As a young man, I was ready to take on fly fishing full steam. My father purchased a cheap combo from the local department store, assuring that if the wand or my spirit had broken early in the foray, he wouldn’t be out a significant sum of money. My flies consisted of poorly tied blobs of fur on a hook, little foam spiders and a few of my own creations, which were nothing more than sewing thread hanging off a hook. Needless to say, between my belabored casting technique and my fly selection, fishing became more of an attempt not to hook myself or anyone else within casting range.

SteelheadI was blessed to grow up on the banks of the Passaic River, at the time the ninth most polluted river in the United States. The fishery was diverse, with carp, catfish and car parts as my quarry. Although I could not get any of the behemoths to take my flies, I did occasionally slip a piece of crusted bagel on the hook to entice fish to look at my offerings. This was fly fishing at its finest.

Next came the finer points of entomology and the three main classes of aquatic insects; mayflies, caddisflies and stoneflies. Well, not to get ahead of myself, my classifications were more loosely defined as green bugs, brown bugs and black bugs. When in doubt, a combination of all three was thoroughly explored.

My thirst for knowledge was boundless and I sought out the writings of greats like Art Flick, Joe Brooks and Lee Wulff, all who seemingly could go into great detail about which goop would allow your fly to float the highest or sink the deepest and which color fly line would deter or attract the greatest amount of fish. And I thought fly line color was all about personal preference.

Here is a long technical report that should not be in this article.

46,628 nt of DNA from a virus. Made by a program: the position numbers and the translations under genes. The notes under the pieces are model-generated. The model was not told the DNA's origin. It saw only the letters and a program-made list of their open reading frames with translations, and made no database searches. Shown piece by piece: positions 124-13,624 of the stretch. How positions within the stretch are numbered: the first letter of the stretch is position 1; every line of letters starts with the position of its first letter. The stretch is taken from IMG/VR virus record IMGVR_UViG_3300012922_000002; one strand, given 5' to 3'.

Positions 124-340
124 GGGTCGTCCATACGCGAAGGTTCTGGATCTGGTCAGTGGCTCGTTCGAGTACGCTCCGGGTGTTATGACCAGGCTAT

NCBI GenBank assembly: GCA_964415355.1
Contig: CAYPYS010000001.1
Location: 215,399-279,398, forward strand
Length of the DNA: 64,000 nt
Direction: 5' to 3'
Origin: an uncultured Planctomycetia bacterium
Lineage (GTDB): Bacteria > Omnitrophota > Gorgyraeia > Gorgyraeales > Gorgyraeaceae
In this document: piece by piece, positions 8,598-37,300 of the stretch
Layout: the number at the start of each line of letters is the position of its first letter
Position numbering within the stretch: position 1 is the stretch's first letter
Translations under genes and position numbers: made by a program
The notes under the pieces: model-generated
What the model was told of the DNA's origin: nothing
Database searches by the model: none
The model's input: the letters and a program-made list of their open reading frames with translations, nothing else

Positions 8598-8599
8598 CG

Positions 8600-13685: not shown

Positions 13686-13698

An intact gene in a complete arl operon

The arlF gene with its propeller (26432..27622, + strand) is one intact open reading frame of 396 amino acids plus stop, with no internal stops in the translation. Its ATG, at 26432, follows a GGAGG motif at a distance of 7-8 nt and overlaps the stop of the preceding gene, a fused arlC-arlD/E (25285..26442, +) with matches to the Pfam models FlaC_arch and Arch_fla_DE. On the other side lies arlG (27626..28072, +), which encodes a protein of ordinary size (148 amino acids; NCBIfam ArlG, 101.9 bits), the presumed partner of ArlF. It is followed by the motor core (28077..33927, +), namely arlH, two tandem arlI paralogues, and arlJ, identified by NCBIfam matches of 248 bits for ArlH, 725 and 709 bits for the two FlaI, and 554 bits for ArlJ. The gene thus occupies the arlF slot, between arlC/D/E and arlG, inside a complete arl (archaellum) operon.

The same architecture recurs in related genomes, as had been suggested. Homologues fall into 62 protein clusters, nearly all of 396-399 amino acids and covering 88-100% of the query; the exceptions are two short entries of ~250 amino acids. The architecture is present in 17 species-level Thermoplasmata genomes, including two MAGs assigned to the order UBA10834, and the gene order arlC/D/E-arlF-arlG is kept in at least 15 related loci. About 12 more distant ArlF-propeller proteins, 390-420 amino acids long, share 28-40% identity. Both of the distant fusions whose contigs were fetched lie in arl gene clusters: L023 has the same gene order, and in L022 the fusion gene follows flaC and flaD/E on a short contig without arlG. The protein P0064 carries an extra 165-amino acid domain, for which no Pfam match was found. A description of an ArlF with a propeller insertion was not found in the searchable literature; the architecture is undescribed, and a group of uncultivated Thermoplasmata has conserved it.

Then came the feathers….those magical materials that cost so much but could be found near every duck pond in New Jersey. There were necks and capes, roosters and hens and flanks aplenty. Then came the grades.

I did fairly well in school and knew that a grade of A was certainly better that of an F. I also knew that I was rewarded when the grades on my report card came back higher than anticipated but found this logic flawed when it came to feathers. Those D grade feathers that littered my bag seemed much friendlier to my wallet than the snobbish A grade feathers hung so high up on the shop’s wall. Perhaps they were like the rare A plus I brought home on one of my many math tests, which hung high on my parent’s refrigerator so proudly for many years.  In any event, I was happy to have my mallard feathers, goose quills and dog tail, a proprietary shop mixture, to adorn my hooks.

Somewhere along the journey, my technique was refined, insects were identified by their Latin names and goop became dessicant powder. My flies began to take on more of the size and shape of the naturals and I even had a few fish willing to grace me with their presence.

In near 30 years of fly fishing, I’ve been lucky to have some wonderful equipment and stand on some majestic banks of a few famed rivers. I have caught some grand fish and lost more than I care to remember. I have met some wonderful friends and mourned those I have lost silently out on the river.

All those years ago, I took up fly fishing as a way to become a better fisherman, to challenge myself, test my abilities, my patience and my sanity. All these years later, I realize that fly fishing has made me a better man. It has taught me to appreciate what I have, it has made me realize that catching the fish is not the sole objective, it has reminded me that all living things around us have meaning and purpose and has taught me to be humble and accept what life has to offer.

Some of my fondest moments were trying to take random knowledge, mismatched materials and salvaged tackle to have some fun and catch a few fish while doing it.

My life is still filled with feathers, flies and many things unimportant but it is also those very same things that remind me what is.

Enjoy your passion and find passion in what you enjoy.

All the best!rod and reel